Converting xenocrystic magnetite and/or ilmenite to chromite requires magnetite to incorporate Cr-Al-Mg-V-Ni from the magma and release Fe and/or Ti into the magma. Magnetite and chromite are both isometric, so the conversion from magnetite would be topotactic, whereas ilmenite is trigonal, so the conversion from ilmenite would require a structural inversion, however that is unlikely to be a barrier at such high temperatures.

Whether this process is completely diffusional or whether it involves crystallization of additional chromite around the xenocryst depends on the enthalpy of the system, which depends on the relative rates of thermomechanical erosion, assimilation, and crystallization (see, e.g., Williams et al. 1998); however, the amount of magma required can be calculated from mass balance (Lesher and Burnham, 2001): 
where Xoi is the concentration of element i in the initial silicate magma, Yoi is the concentration of i in the initial oxide (magnetite or ilmenite), Yfi is the concentration of i in the final oxide (chromite), Dioxide/melt is the oxide–silicate melt partition coefficient for element i, and R is the magma/oxide mass ratio. Using conservative abundances of Cr in the magma and reasonable partition coefficients for Cr and Ti, the results (Fig. 1) indicate that magma/oxide ratios as low as 100 can produce Cr-rich chromites. These values are on the low end of estimates of R for many komatiitic Ni-Cu-(PGE) systems (e.g., 100–500 for Kambalda [Western Australia]: Lesher and Campbell, 1993; 300–1100 for Raglan [Canada]: Barnes and Picard, 1993; 50–200 for Thompson [Canada]: Layton-Matthews et al., 2011), so should be achievable in the dynamic systems envisioned for type IB chromite deposits.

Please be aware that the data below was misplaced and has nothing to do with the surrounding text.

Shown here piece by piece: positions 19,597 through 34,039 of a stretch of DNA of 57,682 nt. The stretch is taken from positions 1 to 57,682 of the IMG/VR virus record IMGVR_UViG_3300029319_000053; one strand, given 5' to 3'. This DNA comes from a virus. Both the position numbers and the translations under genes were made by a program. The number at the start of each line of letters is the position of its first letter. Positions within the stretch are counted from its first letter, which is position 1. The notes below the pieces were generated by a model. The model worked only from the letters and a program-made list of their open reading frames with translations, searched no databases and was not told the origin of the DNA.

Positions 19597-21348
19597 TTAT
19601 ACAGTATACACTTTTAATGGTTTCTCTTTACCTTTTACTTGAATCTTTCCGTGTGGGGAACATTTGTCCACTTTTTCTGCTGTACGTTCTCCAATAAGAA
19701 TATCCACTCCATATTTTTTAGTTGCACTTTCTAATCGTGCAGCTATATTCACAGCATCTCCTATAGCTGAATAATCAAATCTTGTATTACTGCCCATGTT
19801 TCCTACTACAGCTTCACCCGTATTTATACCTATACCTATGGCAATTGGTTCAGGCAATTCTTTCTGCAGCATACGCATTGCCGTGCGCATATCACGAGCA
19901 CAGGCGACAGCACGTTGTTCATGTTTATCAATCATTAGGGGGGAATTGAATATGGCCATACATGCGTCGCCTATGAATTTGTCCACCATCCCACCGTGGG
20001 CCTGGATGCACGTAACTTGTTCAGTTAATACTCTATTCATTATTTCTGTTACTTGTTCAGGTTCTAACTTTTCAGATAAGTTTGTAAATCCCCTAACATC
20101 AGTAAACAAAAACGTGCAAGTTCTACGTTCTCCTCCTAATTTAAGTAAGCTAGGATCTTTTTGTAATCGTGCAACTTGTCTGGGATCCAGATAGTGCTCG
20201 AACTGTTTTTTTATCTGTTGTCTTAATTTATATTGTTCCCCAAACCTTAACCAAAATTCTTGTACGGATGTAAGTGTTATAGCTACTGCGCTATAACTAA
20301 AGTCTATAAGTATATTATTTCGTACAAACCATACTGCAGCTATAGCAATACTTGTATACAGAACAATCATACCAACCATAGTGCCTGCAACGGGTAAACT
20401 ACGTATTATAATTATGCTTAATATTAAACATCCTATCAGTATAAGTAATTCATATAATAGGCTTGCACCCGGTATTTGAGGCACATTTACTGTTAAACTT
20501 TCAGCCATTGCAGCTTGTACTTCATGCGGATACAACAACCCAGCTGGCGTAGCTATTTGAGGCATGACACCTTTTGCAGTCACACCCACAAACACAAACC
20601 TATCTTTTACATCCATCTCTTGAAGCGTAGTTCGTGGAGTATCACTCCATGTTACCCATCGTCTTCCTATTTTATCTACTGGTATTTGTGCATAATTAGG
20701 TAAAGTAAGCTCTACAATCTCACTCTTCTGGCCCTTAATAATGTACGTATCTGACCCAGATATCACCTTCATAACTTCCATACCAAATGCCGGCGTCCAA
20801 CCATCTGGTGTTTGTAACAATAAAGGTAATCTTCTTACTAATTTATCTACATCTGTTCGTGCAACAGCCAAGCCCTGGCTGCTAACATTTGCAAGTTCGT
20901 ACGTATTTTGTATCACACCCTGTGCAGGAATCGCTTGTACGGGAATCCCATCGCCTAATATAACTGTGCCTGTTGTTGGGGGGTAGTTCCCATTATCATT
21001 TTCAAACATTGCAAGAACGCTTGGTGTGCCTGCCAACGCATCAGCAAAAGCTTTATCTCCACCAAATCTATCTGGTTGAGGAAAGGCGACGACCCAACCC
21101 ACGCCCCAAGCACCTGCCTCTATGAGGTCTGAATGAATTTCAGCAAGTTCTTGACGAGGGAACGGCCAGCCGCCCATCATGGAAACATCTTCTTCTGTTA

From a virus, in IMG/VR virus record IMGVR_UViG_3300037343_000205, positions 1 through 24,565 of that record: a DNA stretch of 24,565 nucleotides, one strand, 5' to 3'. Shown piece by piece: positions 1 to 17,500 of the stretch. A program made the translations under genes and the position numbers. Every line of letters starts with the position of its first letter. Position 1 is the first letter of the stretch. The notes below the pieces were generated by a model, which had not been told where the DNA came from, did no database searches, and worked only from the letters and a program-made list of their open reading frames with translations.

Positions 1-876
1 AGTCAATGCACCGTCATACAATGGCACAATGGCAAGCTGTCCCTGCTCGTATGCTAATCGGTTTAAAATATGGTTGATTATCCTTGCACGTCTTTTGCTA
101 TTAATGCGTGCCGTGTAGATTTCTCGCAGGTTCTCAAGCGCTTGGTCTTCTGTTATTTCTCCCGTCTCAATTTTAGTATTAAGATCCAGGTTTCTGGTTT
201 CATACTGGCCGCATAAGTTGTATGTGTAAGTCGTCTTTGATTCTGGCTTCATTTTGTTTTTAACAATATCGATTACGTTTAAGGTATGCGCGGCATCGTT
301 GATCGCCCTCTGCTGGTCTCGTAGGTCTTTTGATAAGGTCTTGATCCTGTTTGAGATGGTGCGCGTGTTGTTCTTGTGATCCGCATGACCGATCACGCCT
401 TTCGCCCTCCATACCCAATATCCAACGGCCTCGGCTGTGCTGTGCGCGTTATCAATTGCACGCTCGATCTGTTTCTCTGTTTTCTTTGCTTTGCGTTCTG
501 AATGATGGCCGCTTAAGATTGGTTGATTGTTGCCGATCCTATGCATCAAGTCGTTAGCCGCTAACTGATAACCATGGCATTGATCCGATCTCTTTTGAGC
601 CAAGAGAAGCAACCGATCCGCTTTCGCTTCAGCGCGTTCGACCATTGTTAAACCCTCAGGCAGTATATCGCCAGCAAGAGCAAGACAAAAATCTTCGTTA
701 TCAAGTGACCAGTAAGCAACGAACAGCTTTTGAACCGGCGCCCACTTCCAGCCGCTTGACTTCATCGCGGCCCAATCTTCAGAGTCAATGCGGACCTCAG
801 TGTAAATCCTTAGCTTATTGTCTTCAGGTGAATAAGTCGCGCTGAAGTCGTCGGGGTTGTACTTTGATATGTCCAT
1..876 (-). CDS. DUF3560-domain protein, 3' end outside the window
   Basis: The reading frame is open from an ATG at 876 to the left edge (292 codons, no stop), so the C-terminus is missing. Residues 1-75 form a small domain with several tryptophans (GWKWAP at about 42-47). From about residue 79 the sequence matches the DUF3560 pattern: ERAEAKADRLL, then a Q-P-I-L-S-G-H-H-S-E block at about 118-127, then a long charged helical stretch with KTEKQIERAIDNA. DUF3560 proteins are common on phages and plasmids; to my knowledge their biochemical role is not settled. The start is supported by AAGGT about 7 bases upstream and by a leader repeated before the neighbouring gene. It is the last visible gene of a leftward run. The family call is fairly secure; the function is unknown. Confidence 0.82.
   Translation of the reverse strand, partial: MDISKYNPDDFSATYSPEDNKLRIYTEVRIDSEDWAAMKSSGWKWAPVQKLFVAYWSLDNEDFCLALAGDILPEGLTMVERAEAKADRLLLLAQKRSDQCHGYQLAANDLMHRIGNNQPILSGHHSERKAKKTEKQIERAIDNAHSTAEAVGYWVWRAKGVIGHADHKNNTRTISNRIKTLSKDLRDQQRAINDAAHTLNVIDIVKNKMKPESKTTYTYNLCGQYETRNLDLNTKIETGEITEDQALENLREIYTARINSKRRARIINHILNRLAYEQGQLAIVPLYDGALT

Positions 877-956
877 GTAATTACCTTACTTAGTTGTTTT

This process is also limited by the diffusion rates of Cr-Al into magnetite/ilmenite and Ti out of ilmenite. The chromite grains in the best-preserved deposits are typically 0.1–0.2 mm, the magnetite grains in ferrogabbros are typically similar, and the magnetite grains in weakly metamorphosed iron formations are ∼0.002 mm. We have estimated the amount of time required to diffuse Cr-Al-Ti from a magma kept at constant composition (through advective flow) to the core of a 0.1 mm magnetite grain initially containing no Cr-Al-Ti using a one-dimensional (1-D) analytical solution to Fick’s second law of diffusion (equation 2.45 in Crank, 1975), modified to allow for the preferential partitioning of Cr-Ti-Al from the melt into the oxide phase: 
Where C(x,t) is the concentration of Cr in the magnetite at distance x from the rim at time t, Co is the concentration of Cr in the magma (assumed to be 3500 ppm in this case), Doxide/magma is the oxide-magma partition coefficient, erfc is the complementary error function, and D is the diffusion constant at 1440 °C, a temperature appropriate for a 22% MgO komatiitic magma. There are more sophisticated 2-D and 3-D solutions, but given all of the uncertainties in parameterization and the isometric structures of magnetite and chromite, the 1-D calculation is sufficient to demonstrate the feasibility of the process. The results (Fig. 2) indicate that 0.1 mm magnetite or ilmenite grains could be completely converted to chromite in 1–10 days, much less than the weeks to years duration of single magmatic events and the thousands to millions of years duration of most magmatic systems. This is consistent with the observation that individual chromite grains in most deposits are unzoned or normally zoned (reflecting equilibration with trapped liquid and/or modification during serpentinization).